Today, I see the pendulum has swung too far in the opposite direction.  Where, when I was growing up, men were automatically privileged, today men are devalued and fatherhood is diminished and even ridiculed in the popular media.  The priesthood is smeared as a haven for pedophiles.  Fathers are chumps.  Women can do without them, even when it comes to raising children.

Look at most churches, even Catholic Churches, and what is the ratio of men to women?  60 women to 40 men?  Lower than that?  Why are men checking out?  Why would they rather play golf or watch TV than go to church?

For many women in my age group, the fact that men are up there at the altar and heading the dioceses and running the Vatican like a male-only club feels like a slap in the face. Some resent the special status men have, when they do a lot of the real work in keeping a parish or a diocese running, but they have none of the real decision-making power or recognition.

I do not want to be a priest.  But I do want to exercise some form of ministry in the priesthood of believers, a concept that for me is still imbued with evangelical connotations involving the exercise of supernatural spiritual gifts such as prophecy, discerning spirits, healing, evangelism and so on.  It doesn't mean the same thing as it means to liberal Catholics, who want the priesthood of believers to be, for example, a democratic force to overturn strictures against artificial contraception or see the priesthood open to women.

So — for the Ordinariates — what role for women?  When women ask to be empowered in the Church, what do they mean?

Your thoughts?

Author: Deborah Gyapong

Deborah Gyapong is a member of the Sodality of the Annunciation of the Blessed Virgin Mary (www.annunciationofthebvm.org) in Ottawa, a former parish of the Anglican Catholic Church of Canada (Traditional Anglican Communion) whose members were received individually and corporately into the Roman Catholic Church on April 15, 2012 by Ottawa Archbishop Terrence Prendergast at St. Patrick’s Basilica. Under the provisions of the Apostolic Constitution Anglicanorum coetibus, the community will celebrate an approved Anglican Use liturgy and hopes to soon join with other sodalities across Canada to form the Canadian Deanery of the Personal Ordinariate of the Chair of St. Peter under Msgr. Jeffrey Steenson, Ordinary. As we wait for our priest(s) to be ordained as Catholic priests, God willing, Archbishop Prendergast will provide priests to celebrate our Sunday Eucharist according to the Anglican Use. Deborah is a journalist who covers religion and politics in Canada’s national capital, writing primarily for Roman Catholic newspapers since 2004. Her novel The Defilers, published in 2006, was not a best seller, alas. She spent 17 years at the Canadian Broadcasting Corporation in news and current affairs, including 12 years as a television producer.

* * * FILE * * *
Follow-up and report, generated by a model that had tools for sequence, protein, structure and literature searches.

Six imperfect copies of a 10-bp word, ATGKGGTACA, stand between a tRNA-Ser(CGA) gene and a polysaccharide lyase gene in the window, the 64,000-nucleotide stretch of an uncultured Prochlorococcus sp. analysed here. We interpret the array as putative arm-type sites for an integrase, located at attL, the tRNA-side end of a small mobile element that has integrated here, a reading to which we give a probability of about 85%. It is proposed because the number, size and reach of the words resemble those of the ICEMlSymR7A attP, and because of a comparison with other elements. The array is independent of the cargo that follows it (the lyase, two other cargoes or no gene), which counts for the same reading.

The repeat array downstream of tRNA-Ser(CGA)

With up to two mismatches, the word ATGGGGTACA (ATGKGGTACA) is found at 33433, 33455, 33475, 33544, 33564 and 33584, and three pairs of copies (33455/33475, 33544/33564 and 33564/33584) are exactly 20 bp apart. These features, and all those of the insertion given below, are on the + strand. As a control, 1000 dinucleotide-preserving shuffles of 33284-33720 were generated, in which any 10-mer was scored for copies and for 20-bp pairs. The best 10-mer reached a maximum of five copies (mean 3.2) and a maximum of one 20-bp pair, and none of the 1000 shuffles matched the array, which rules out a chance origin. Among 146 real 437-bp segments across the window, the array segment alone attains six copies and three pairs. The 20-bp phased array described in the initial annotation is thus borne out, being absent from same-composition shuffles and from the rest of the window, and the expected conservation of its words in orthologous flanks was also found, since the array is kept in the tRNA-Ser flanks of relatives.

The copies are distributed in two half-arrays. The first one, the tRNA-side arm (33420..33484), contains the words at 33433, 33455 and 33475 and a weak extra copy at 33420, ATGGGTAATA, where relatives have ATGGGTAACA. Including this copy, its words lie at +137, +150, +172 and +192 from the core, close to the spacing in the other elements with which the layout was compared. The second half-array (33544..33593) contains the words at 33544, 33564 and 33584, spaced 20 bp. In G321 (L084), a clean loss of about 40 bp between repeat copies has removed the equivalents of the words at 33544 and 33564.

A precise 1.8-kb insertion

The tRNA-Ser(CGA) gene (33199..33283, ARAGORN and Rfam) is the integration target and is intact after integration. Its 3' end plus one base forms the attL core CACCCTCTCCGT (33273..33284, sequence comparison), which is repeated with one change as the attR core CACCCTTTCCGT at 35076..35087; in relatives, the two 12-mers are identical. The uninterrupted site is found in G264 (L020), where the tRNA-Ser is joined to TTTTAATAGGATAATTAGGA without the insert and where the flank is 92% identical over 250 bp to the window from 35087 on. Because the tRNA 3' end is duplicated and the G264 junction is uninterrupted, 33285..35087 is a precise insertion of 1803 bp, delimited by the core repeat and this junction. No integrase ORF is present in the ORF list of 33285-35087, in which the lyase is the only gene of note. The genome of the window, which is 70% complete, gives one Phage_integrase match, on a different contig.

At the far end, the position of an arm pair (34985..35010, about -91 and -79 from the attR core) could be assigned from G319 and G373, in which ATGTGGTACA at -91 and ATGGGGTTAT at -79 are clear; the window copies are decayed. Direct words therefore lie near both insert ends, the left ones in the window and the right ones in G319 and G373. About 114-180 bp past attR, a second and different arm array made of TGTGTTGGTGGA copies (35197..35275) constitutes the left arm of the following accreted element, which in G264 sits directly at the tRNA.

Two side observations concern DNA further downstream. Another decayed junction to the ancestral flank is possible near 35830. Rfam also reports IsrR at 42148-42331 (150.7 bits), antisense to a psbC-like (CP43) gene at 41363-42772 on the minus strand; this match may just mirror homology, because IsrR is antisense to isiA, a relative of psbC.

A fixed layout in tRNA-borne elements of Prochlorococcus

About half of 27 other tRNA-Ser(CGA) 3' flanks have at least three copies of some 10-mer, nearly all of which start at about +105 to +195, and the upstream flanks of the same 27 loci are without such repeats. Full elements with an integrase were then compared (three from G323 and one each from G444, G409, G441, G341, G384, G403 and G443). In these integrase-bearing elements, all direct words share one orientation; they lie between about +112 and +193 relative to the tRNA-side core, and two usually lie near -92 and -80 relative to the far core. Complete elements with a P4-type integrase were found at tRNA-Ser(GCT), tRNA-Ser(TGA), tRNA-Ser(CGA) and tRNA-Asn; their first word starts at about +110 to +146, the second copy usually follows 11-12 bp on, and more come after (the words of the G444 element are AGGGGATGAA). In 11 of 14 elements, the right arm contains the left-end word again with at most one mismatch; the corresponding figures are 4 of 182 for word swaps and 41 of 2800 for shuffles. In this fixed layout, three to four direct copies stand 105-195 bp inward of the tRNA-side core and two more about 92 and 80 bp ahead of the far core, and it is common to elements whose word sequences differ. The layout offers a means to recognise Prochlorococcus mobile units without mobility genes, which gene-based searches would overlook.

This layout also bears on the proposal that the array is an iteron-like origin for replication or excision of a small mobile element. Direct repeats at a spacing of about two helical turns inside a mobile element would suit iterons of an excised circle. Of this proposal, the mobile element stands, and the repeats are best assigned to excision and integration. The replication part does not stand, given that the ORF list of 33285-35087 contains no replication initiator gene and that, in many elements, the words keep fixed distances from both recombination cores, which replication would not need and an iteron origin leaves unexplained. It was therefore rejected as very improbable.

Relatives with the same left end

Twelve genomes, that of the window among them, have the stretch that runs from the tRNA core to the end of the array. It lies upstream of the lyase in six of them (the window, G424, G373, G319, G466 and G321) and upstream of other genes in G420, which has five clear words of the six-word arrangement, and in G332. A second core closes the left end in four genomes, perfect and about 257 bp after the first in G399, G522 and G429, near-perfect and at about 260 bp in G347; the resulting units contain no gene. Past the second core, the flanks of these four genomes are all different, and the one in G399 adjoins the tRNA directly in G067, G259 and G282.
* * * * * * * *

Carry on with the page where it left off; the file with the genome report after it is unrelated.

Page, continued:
62 thoughts on “Empowering Women in the Church”

  1. Deborah,

    None of us "fellas" could have said any of these things and "gotten away" with it (people today think we're just "sexist" rather than faithful Catholics). It has more impact coming from you; good words!

  2. I think in England most of us would regard women reading lessons and leading intercessions at Mass as entirely proper and usual, even in the 'Prayer Book' tradition. We have several licensed readers who are women and it has been necessary to explain to them that, though women are not formally admitted as acolytes and lectors in the Catholic Church (these ministries being formally, at present, limited in practice to seminarians, if I am not mistaken), there is a valuable ministry therein nonetheless. Similarly, I think if we had no women extraordinary ministers of the eucharist, quite a bit of our ministry to the housebound and those in residential care would be imperilled.

    The point made by Deborah about serving at the altar is an important one. There has always been a link between encouraging youngsters to take an active part in the liturgy and the flowering of vocations to the sacred ministry. I think there is a good argument therefore for limiting formal liturgical serving to boys – and making sure older men give proper space for boys to do this. If girls and women welcome,. sing, read, teach, distribute Holy Communion, assist in administration and pastoral care, complementarity is safeguarded. I am old enough to remember when the gruff greeting of sidesmen, thrusting a hymnbook and prayer book into your hand at the door, was replaced by the welcome ministry of women, greeting people, putting them at ease, and enquiring after their cares and needs. This is a slight stereotype but most would know what I'm referring to.

    Where 'Anglican Patrimony' diverges from Catholic teaching in England is the use of extraordinary ministers of the Eucharist. There are Anglo-catholic churches where lay people distribute Holy Communion whilst there are priests present who could have been asked to. I suspect this practice is misguided except where the missiological point is being made that these ministers of the Eucharist are at work equally in the homes and hospitals as well as the sanctuaries.

    My own view is that the worldwide ministry of women as catechists, extraordinary eucharistic ministers, and pastoral workers, though informal, needs to develop further, outside the framework of Holy Order, and that this development in the Catholic and Orthodox traditions has been discouraged – effectively impeded – by the admission of women to Holy Order in the Anglican and Reformed traditions. It has always been my view that the improper development in the latter has harmed the proper development in the former. If that is true, the godly development of women's ministry has been prevented, rather than enabled, by feminism. There's a thought.